23rd May '14 12:29:08 AM lizaphile
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* Frequency modulation, or FM, radio covers 87.9 to 107.9 [=MHz=]. The last digit after the decimal point is always an odd number. It is used for all kinds of broadcasts, from college radio to top 40 music. HD radio is starting here as a subcarrier, although the receivers are really expensive now. FM is good for stereo music and can support data streams on subcarriers. Part of the VHF band. News, talk and sports radio are making their ways to FM, slowly but surely.
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* Frequency modulation, or FM, radio covers 87.9 to 107.9 [=MHz=].[=MHz=] (87.7 FM, where the audio for analog channel 6 is heard, is also on many radios, with some low-power stations taking advantage of that to air a radio format). The last digit after the decimal point is always an odd number. It is used for all kinds of broadcasts, from college radio to top 40 music. HD radio is starting here as a subcarrier, although the receivers are really expensive now. FM is good for stereo music and can support data streams on subcarriers. Part of the VHF band. News, talk and sports radio are making their ways to FM, slowly but surely.
29th Apr '14 4:01:38 AM jmaynard
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* VHF TV covers channels 2 to 13. There is no Channel 1.[[note]]There was one when the TV channels were first allocated, but it was reallocated to other uses - most of it became a ham radio band, but 49 MHz walkie-talkies and the like are in the lower part - very early on, and the few channel 1 stations were reassigned.[[/note]] Starting in February 2009 analog television stations switched to digital stations, and all stations switched by June.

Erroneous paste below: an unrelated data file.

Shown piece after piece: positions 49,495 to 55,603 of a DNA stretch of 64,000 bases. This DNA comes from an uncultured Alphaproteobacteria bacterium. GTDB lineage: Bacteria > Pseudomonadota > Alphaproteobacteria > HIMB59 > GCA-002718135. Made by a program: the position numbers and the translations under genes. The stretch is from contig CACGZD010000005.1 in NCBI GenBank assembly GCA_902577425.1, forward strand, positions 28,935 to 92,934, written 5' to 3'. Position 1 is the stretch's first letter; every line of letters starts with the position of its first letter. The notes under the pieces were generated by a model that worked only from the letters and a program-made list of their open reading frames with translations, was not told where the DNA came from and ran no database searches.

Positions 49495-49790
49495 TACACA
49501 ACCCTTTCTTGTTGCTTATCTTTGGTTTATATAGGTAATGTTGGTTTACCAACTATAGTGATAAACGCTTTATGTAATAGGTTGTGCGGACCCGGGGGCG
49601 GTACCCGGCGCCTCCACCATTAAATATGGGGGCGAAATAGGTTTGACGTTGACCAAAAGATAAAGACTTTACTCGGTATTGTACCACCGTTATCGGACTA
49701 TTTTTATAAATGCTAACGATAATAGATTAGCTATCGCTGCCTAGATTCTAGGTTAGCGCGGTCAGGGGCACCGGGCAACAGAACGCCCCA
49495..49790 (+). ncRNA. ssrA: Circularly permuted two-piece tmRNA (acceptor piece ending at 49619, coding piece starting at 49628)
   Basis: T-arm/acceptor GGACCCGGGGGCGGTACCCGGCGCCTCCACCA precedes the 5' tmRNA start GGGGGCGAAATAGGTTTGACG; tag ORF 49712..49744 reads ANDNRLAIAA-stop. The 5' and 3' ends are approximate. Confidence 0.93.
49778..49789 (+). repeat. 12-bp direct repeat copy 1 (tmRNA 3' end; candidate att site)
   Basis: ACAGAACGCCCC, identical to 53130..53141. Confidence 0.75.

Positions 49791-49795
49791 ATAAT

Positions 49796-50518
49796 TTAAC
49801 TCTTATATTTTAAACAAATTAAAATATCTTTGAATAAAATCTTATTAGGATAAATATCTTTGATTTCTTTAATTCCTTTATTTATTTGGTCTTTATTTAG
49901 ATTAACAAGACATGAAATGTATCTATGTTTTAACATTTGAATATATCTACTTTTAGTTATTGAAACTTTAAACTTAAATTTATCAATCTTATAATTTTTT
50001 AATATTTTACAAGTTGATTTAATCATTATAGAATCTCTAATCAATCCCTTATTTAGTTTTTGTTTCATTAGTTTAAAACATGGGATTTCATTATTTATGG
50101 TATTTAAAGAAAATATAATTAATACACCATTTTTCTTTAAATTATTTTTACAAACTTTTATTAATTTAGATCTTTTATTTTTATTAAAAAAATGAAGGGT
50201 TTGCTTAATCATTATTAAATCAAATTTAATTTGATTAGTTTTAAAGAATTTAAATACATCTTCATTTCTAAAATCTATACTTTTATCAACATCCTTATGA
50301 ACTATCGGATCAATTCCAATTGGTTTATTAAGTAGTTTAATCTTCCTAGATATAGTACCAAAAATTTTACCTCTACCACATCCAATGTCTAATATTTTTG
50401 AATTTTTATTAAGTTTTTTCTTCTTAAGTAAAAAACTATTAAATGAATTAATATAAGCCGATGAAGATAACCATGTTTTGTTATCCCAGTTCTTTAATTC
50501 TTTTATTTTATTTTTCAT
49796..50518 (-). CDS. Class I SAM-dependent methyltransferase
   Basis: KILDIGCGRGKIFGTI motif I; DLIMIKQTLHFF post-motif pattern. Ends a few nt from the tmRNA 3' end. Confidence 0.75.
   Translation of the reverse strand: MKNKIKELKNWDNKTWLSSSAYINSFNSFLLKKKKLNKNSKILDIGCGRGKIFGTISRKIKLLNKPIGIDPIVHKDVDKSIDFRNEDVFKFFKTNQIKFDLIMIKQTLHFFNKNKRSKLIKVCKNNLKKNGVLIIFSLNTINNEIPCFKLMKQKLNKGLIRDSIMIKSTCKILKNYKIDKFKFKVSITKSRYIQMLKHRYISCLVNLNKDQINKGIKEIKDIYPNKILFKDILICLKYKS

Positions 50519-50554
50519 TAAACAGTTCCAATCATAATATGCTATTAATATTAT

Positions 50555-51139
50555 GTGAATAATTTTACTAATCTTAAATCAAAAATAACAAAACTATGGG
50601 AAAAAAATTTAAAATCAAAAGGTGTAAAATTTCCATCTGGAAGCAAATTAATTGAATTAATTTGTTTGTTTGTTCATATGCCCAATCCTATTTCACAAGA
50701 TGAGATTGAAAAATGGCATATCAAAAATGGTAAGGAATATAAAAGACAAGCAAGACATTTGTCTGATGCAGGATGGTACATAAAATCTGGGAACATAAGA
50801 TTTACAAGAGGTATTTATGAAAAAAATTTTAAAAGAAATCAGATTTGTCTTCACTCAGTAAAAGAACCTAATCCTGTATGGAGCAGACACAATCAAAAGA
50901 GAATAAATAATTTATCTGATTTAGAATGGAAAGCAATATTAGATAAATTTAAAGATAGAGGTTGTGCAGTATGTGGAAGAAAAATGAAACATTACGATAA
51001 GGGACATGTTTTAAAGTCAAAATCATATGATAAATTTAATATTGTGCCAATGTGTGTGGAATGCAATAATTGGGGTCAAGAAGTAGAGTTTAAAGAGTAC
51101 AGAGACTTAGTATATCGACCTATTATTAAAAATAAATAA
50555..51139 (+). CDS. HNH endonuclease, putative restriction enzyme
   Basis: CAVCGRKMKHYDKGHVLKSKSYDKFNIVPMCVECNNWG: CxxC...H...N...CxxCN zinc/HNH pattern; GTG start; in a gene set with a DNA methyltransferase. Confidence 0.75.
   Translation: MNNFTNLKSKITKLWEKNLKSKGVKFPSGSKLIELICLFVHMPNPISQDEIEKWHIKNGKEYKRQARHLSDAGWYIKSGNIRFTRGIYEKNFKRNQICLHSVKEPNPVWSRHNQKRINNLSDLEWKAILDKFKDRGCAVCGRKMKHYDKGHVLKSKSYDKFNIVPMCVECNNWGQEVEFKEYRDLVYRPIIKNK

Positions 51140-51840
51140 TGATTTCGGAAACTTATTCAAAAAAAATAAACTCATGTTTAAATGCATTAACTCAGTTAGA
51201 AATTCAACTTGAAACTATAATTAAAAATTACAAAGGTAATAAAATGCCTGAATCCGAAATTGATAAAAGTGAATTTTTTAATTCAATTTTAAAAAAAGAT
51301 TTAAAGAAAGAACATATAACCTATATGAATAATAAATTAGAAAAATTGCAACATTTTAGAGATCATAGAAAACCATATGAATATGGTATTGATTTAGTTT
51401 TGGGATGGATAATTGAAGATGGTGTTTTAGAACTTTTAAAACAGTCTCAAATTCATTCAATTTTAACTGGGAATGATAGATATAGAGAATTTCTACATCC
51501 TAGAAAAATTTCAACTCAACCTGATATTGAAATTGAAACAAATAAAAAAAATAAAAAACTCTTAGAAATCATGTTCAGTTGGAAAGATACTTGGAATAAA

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* VHF TV covers channels 2 to 13. There is no Channel 1.[[note]]There was one when the TV channels were first allocated, but it was reallocated to other uses - most of it became a ham radio band, but 49 MHz [=MHz=] walkie-talkies and the like are in the lower part - very early on, and the few channel 1 stations were reassigned.[[/note]] Starting in February 2009 analog television stations switched to digital stations, and all stations switched by June.